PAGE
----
From Pain Relievers to Killers
December 21, 2016
Filed under Opinion
Hang on for a minute...we're trying to find some more stories you might like.
Email This Story
Most, if not all, of us know someone who has been prescribed a pain reliever. If you’ve had your wisdom teeth out, they’re probably somewhere in your medicine cabinet. And if you know anything about what is going on in our community, you must know that these pain relievers have been a catapult for the opioid epidemic that is plaguing the Cape.
According to statistics released by the state in 2015, Barnstable County ranked number one in overdose fatalities. Along with that, a Cape Cod Times article highlighted the statistics as well as a widespread obituary to Cape Codders who have died from addiction. These aren’t people who can be put in one category: they range from 19-57 years-old, from all different backgrounds and families and circumstances. What brings them all in one collective article is their horrible fate from heroin addiction.
As Cape Codders, we pride ourselves on knowing the Cape better than any of these visitors who come here for three months or two weeks or a few days. We make it through February–therefore we are real. However, a lot of us real ones seem to ignore the fact that we have a record of 30.3 deaths per 100,000 people from overdoses. Do we know the real cape if we don’t know this or if we aren’t paying attention to it? As much as our beaches and our cute little coffee shops make our home, this makes our community what it is too.
Heroin addiction can be tough to talk about, but a conversation is necessary. No one wants to become an addict and yet we seem to have more than we know what to do with (though, to be fair, we don’t seem to know what to do with even just one). Heroin addiction begs so many questions: how do we prevent it? Should we scare people to not try these substances? Simply informing doesn’t seem to work, so would scaring even be the answer? Those videos from elementary school that aimed to horrify us wear off after a few years.
And maybe information and scare tactics may not be even part of the solution if the substances are coming from doctors’ offices. Doctors are supposed to be people we a trust– literally, with our lives. From a young age, we go to the doctor at least once a year and constantly told not to be scared by our caregivers. As a young child (and fewer of us now), we may have feared the doctor simply on the account that shots might be part of the visit. Ironically, now the issue is that you might be putting a needle in your own arm because of the pills your doctor prescribes. In what world is one of your biggest fears as a child now what you’re brought to do daily possibly because of the professionals who caused the fear in the first place.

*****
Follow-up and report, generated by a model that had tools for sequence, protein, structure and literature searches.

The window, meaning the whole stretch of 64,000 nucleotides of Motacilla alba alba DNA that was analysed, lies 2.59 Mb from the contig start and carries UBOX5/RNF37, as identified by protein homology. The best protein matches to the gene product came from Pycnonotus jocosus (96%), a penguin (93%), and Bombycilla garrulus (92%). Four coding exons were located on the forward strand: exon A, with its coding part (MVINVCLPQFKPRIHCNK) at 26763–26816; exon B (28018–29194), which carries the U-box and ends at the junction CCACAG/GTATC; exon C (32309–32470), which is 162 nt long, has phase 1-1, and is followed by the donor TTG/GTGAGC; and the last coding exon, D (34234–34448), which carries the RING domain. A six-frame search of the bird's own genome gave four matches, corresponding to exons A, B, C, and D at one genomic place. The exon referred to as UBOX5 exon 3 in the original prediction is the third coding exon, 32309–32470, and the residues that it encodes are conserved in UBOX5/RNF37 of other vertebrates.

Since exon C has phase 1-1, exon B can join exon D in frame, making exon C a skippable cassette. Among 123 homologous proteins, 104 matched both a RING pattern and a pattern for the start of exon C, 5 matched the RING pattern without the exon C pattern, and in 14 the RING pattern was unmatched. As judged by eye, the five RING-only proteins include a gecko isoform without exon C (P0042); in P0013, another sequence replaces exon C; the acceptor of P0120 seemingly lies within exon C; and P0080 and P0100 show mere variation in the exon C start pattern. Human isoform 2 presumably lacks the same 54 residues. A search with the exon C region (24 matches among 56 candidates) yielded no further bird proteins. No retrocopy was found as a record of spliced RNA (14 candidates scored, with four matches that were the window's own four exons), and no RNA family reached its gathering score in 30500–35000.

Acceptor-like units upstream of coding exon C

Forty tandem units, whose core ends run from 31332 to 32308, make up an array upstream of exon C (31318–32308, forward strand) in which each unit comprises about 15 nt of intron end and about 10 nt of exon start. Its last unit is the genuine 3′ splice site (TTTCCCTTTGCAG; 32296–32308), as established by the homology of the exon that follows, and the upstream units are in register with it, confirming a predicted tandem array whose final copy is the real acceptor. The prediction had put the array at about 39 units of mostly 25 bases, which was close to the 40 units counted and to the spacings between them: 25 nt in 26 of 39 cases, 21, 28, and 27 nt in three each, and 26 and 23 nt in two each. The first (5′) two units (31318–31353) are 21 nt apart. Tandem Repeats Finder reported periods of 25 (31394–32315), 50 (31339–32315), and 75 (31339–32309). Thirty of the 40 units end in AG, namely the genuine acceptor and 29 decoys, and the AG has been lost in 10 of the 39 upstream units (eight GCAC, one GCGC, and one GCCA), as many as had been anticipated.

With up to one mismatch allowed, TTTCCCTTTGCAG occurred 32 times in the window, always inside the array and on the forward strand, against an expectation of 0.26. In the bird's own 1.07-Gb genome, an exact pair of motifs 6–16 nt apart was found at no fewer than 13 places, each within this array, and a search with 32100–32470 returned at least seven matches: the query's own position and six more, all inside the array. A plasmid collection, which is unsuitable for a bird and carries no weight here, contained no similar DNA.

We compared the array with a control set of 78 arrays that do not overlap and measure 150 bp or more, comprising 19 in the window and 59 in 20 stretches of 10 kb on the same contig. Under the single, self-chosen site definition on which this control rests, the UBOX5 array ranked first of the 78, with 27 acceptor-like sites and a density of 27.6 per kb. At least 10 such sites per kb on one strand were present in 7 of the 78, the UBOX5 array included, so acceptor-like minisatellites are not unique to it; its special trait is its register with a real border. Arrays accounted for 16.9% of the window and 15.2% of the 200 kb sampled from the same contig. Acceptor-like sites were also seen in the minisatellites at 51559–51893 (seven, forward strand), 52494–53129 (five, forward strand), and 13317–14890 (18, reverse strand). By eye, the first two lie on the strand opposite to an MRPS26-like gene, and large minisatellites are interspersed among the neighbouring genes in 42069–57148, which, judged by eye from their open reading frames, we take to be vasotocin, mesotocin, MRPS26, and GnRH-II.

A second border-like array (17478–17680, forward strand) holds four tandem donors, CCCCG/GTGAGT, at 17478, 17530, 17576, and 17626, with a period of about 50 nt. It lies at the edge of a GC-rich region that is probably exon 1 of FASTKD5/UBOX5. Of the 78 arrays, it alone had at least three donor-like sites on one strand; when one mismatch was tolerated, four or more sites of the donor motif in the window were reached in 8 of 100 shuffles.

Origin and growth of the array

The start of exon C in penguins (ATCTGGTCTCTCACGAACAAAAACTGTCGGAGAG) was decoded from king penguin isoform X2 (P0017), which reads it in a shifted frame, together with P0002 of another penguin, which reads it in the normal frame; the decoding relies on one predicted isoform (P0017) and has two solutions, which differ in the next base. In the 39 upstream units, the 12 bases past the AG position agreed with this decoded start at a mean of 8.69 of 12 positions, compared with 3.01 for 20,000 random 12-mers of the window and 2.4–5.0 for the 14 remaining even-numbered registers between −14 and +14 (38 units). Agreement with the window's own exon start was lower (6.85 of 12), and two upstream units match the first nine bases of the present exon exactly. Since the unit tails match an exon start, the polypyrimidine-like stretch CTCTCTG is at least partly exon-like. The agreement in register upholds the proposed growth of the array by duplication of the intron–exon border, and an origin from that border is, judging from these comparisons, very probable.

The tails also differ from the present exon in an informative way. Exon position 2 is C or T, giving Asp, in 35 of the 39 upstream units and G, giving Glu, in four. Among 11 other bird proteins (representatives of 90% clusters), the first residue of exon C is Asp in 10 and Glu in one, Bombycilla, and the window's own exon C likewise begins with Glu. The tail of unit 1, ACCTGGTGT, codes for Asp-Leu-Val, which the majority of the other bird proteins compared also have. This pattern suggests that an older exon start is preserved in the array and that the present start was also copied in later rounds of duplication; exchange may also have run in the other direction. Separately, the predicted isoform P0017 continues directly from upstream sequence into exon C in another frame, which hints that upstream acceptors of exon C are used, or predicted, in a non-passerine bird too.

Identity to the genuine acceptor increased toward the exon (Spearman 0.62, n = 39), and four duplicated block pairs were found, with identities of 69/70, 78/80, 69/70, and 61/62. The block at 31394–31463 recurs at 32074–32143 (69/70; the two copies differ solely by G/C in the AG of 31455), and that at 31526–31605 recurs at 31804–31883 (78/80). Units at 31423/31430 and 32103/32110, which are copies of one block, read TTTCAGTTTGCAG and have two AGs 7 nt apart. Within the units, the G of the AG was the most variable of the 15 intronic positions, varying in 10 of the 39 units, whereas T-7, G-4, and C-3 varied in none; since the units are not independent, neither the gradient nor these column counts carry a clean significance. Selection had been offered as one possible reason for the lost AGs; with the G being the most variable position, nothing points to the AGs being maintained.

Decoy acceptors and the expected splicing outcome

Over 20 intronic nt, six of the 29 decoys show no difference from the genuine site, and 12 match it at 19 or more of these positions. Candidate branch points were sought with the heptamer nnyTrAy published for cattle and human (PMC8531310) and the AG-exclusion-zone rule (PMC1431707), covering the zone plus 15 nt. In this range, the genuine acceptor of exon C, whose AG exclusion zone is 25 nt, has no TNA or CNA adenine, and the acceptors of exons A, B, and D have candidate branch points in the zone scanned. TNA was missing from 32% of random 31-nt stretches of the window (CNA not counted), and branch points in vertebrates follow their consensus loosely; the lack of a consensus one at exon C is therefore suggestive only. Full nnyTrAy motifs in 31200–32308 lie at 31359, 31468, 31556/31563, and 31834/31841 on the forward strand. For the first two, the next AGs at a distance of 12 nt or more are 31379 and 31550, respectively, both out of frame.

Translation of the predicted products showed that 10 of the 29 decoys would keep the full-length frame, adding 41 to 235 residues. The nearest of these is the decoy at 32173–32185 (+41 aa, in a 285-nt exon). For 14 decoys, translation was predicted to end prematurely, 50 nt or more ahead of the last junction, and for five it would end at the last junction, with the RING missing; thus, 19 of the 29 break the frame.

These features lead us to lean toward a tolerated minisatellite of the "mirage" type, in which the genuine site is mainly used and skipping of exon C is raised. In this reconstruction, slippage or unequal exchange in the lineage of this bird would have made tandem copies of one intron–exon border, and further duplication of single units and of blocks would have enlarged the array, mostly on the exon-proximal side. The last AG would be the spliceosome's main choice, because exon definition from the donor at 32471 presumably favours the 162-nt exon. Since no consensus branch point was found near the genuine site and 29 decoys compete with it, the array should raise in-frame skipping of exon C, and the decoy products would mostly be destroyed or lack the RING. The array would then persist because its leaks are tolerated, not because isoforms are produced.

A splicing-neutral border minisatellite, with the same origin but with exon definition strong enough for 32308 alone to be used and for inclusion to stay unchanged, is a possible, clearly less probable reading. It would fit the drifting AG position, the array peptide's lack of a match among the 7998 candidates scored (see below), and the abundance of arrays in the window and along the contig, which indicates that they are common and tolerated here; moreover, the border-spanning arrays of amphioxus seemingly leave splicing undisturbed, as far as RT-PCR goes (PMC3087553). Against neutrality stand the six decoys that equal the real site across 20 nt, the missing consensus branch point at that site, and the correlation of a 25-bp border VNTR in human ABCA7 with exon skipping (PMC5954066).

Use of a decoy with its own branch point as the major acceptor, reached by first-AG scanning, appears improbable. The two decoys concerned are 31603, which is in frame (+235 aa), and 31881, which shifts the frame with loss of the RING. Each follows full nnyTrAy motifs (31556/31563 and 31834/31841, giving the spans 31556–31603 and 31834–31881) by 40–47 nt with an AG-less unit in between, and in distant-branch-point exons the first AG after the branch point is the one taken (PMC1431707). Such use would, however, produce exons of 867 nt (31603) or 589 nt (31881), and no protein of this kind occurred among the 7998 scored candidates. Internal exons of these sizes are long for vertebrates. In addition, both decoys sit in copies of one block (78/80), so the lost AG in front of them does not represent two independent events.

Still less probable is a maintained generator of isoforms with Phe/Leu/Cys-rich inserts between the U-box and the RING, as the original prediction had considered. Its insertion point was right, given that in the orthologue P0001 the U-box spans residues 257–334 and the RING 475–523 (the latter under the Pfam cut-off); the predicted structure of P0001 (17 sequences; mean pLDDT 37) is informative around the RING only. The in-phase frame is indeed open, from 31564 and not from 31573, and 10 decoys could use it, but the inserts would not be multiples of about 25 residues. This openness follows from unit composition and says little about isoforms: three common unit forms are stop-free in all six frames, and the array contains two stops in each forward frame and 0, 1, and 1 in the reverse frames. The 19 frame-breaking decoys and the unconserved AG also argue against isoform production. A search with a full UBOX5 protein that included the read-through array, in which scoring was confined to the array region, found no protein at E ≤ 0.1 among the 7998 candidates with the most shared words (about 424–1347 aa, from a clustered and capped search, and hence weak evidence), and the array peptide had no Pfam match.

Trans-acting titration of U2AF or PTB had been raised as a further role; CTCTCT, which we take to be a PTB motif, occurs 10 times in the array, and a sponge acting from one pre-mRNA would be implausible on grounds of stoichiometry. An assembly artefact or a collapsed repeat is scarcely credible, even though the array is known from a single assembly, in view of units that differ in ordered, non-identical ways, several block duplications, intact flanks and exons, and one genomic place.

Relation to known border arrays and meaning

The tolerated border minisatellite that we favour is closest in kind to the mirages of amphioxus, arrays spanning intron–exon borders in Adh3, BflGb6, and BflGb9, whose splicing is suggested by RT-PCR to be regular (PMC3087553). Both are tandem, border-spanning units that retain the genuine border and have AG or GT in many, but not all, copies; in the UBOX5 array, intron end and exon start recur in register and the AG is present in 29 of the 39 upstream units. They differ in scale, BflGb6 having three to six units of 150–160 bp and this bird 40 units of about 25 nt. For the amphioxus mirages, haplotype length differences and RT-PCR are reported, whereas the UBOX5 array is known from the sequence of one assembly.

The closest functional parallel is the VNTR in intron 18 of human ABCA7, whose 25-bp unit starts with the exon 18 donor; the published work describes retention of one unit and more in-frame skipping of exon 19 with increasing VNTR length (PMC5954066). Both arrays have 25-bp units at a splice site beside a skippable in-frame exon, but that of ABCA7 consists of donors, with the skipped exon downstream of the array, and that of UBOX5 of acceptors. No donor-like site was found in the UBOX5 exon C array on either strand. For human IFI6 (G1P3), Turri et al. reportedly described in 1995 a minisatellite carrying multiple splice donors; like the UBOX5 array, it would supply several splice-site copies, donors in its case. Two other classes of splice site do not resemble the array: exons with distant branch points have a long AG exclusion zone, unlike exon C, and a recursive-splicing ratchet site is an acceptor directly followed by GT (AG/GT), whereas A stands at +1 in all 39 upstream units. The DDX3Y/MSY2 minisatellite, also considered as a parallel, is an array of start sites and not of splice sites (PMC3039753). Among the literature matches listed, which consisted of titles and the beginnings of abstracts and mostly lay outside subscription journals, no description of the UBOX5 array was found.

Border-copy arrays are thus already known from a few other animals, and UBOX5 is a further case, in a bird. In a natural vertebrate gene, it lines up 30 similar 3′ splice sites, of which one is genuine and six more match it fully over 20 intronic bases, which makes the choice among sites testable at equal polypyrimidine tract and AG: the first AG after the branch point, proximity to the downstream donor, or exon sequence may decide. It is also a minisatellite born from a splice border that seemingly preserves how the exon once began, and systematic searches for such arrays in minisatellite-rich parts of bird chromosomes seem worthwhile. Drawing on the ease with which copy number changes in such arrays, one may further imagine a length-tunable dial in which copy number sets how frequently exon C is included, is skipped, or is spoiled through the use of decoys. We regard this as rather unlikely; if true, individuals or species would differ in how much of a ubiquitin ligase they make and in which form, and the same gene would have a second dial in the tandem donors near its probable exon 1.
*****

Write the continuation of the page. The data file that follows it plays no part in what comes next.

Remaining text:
Many studies connect addiction to opioid drugs to later use of heroin. So the oxycontin from your wisdom tooth extraction? According to the National Institute on Drug Abuse, “The emergence of chemical tolerance toward prescribed opioids, perhaps combined in a smaller number of cases with an increasing difficulty in obtaining these medications illegally, may in some instances explain the transition to abuse of heroin, which is cheaper and in some communities easier to obtain than prescription opioids.”
Within the past year, a Cape doctor has had his license suspended for over-prescription of opioid drugs. According to a Cape Cod Times article, Conrad Benoit’s license, which he has had since 1991, was taken away by the state Board of Registration in Medicine because they found that he posed “an immediate and serious threat to the public health, safety and welfare.” His attorney, Stephen Patrick Harten, said that, “It’s not about whether Dr. Benoit over-prescribed to a small group of his patients, it’s about whether the alleged over-prescription warranted an automatic suspension.” It seems Harten isn’t denying the over-prescription, just arguing the suspension. And, while it can’t be explicitly determined that Benoit’s prescriptions have directly caused addiction, but, clearly the over-prescription of drugs by doctors is an issue that the Board finds relevant and important. As real Cape Codders, we should too.
According to a study entitled Relieving Pain in America: A Blueprint for Transforming Prevention, Care, Education and Research by the Institute of Medicine, there are between 26 and 34 million people in the world abusing opioids. From those numbers, more than 2 million are Americans abusing prescription opioids.
Matt Ganem, a Boston local, a self-described oxycontin and heroin addict, is now eight-years clean. Today, he works to spread awareness and help for addicts through videos and interviews and poems. In one of his videos,“The science of opioid withdrawal,” he describes that becoming clean is like “coming undone at the seams; crawling out of your skin; I mean it’s basically like, you know, you’re living in hell.” The title of one of Ganem’s interviews with the Boston Herald says it all: Staying away from what the doctor prescribes.
On the science-side of addiction, opioid addiction happens once your body is used to having the input from the drugs, as it will stop creating its own pain receptors. If the addicts chose to become clean once they stop taking the opioids, even the smallest pain will be excruciating to them–so it’s a vicious cycle: try to get clean, feel horrid pain and look to heroin to numb yourself again. It’s a cycle that we can’t ignore, though we have done our best to try. As real Cape Codders, every part of our community should mean something to us, including this.